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Category: "news"

Guilty until proven innocent? Why the burden of proof change matters

Guilty until proven innocent? Why the burden of proof change matters

The Employment Appeal Tribunal’s judgment in the case of Efobi v Royal Mail was published recently, and at first glance many people seem to have thought that it was a bit of a technical point, or just legal nit-picking, which wouldn’t make any difference to how things... read more »

FAQs - Drug and alcohol testing in the workplace

FAQs - Drug and alcohol testing in the workplace

In this article, we answer some frequently asked questions employers have around drug and alcohol testing in the workplace. Q: Can we implement a drug screening procedure to monitor our employees at work? A: Employers may be able to implement drug screening of their employees provided there are health and safety justifications... read more »

Tribunal fees update

Tribunal fees update

As Nicola reported in her article last month, Employment Tribunal fees have been ruled to be unlawful by the Supreme Court. The effect of the ruling is that the fees regime has been held to have been unlawful from the time it was introduced in 2013.... read more »

Restrictive Covenants – the importance of precise drafting

Restrictive Covenants – the importance of precise drafting

Senior employees will often have a lot of knowledge about their employer’s business, its customers and suppliers. Indeed, this is often essential for them to perform their job properly. However, that same knowledge can become a threat when the employee leaves their employment and goes to work for a competitor... read more »

Headline news – no more Tribunal fees

Headline news – no more Tribunal fees

If you have been reading the news this week, you can’t have missed that one of the most important cases affecting employment law has finally been decided by the Supreme Court after many years of litigation. Employment Tribunal fees have been found to be unlawful and can no longer... read more »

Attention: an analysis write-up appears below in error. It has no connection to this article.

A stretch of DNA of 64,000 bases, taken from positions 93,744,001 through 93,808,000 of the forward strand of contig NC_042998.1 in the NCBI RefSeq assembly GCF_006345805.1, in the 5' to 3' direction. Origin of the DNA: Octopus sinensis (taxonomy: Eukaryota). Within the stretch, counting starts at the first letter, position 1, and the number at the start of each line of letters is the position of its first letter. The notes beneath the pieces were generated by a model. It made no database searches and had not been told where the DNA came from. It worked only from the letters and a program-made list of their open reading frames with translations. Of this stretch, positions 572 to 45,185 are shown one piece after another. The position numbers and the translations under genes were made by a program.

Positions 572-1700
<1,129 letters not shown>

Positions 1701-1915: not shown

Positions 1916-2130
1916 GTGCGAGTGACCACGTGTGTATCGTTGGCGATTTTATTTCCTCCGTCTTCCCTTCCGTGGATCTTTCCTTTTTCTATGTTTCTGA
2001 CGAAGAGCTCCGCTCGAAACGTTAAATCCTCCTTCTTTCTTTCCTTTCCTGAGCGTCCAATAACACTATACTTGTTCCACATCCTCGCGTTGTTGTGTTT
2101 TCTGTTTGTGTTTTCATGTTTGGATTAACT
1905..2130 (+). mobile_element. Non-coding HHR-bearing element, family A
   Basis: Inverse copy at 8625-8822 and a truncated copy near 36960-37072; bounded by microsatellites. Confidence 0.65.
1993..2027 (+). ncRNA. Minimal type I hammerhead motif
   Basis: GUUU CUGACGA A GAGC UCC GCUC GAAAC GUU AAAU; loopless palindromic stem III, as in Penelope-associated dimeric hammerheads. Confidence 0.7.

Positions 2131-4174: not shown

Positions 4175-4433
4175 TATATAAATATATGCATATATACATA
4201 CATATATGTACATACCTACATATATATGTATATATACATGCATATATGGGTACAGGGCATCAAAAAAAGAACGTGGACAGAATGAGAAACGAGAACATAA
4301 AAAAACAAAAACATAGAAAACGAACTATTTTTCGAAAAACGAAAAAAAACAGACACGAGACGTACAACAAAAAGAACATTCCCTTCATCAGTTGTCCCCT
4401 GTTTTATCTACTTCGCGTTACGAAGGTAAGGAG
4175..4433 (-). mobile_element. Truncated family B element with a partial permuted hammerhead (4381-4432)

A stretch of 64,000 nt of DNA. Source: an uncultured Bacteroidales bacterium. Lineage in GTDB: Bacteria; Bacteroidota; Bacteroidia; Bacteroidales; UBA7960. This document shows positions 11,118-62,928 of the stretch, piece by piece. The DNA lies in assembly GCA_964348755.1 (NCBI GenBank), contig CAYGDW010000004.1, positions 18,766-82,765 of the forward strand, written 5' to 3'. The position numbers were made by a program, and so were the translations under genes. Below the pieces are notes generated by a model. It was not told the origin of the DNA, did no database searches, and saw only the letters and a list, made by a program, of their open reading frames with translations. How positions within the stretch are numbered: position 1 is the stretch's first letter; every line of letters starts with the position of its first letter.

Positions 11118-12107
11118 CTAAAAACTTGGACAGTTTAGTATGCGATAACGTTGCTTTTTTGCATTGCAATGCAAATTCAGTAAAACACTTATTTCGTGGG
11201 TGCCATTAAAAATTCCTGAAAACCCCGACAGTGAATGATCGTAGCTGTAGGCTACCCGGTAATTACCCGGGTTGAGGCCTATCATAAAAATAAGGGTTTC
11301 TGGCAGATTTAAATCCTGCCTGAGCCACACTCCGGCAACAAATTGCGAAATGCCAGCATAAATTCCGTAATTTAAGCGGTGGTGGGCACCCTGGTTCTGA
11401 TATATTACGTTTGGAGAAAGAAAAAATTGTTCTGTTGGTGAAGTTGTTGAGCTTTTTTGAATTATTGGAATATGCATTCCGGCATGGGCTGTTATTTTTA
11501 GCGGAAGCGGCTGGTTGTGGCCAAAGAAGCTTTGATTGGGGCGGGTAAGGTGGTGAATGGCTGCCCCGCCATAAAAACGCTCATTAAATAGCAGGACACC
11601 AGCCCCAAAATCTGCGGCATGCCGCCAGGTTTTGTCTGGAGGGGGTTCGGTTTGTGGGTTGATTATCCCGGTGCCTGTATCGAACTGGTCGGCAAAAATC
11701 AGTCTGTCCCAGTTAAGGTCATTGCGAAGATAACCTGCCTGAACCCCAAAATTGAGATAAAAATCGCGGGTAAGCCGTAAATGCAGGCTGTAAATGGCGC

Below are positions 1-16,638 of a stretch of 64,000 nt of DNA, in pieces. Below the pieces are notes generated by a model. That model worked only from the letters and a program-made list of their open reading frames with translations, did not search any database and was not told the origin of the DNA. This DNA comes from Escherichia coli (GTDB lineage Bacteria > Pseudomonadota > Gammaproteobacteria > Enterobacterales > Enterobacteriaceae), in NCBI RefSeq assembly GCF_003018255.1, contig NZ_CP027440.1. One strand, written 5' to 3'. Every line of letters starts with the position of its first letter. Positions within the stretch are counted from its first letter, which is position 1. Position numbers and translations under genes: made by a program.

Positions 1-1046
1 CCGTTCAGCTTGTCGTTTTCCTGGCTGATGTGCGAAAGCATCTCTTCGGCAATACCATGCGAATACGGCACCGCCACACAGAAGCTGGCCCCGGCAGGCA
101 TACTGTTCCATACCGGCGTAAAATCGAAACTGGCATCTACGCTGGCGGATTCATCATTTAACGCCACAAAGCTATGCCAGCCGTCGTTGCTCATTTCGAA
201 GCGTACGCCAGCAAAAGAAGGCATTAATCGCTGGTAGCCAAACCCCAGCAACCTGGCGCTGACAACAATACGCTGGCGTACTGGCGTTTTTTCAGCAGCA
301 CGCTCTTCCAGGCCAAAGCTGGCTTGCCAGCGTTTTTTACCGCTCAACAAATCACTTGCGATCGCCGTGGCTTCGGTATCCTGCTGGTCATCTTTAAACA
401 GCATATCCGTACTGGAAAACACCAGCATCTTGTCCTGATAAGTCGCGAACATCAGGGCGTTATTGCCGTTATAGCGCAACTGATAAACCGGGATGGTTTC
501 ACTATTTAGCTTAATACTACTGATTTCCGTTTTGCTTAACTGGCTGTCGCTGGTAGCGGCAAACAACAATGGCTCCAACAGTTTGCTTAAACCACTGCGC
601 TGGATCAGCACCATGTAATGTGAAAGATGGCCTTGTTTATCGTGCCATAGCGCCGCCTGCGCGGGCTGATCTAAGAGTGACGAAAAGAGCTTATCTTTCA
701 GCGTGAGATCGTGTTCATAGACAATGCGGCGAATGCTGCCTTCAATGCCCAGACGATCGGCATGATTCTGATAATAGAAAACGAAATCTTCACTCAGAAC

The Taylor review – tailored to the gig economy?

The Taylor review – tailored to the gig economy?

The long-anticipated Taylor review of modern employment practices was published on 11 July 2017. The review, led by Matthew Taylor (chief executive of the Royal Society for the encouragement of Arts, Manufactures and Commerce), calls for a “significant shift in the quality of work in the UK... read more »

Whistleblowing update

Whistleblowing update

As we have covered in previous articles, employees who do not have sufficient length of service to claim unfair dismissal sometimes try to bring a whistleblowing claim, as there is no minimum length of service required, and no cap on the amount of compensation that can be awarded by the... read more »

Humour in the office – some cautionary tales

Humour in the office – some cautionary tales

Many of us spend a good part of our waking time at work, and most people would recognise that a work place with no humour would be a sad place to be. In addition, a recent study by academics at Yale University concluded that a worker or... read more »

FAQs: the right to be accompanied

FAQs: the right to be accompanied

Employees and workers have a legal right to be accompanied by a trade union representative or colleague at a disciplinary or grievance hearing. This right is set out in section 10 of the Employment Relations Act 1999. This may strike you as quite straightforward, but actually employers can face many... read more »

Sleep ins and National Minimum Wage – the latest

Sleep ins and National Minimum Wage – the latest

As we have covered in our previous ebulletins, the position regarding pay for workers who carry out ‘sleep in’ shifts (sometimes also known as ‘on call’ or ‘standby’ shifts) has been the subject of a number of decided cases. However, although there have been several cases which found... read more »

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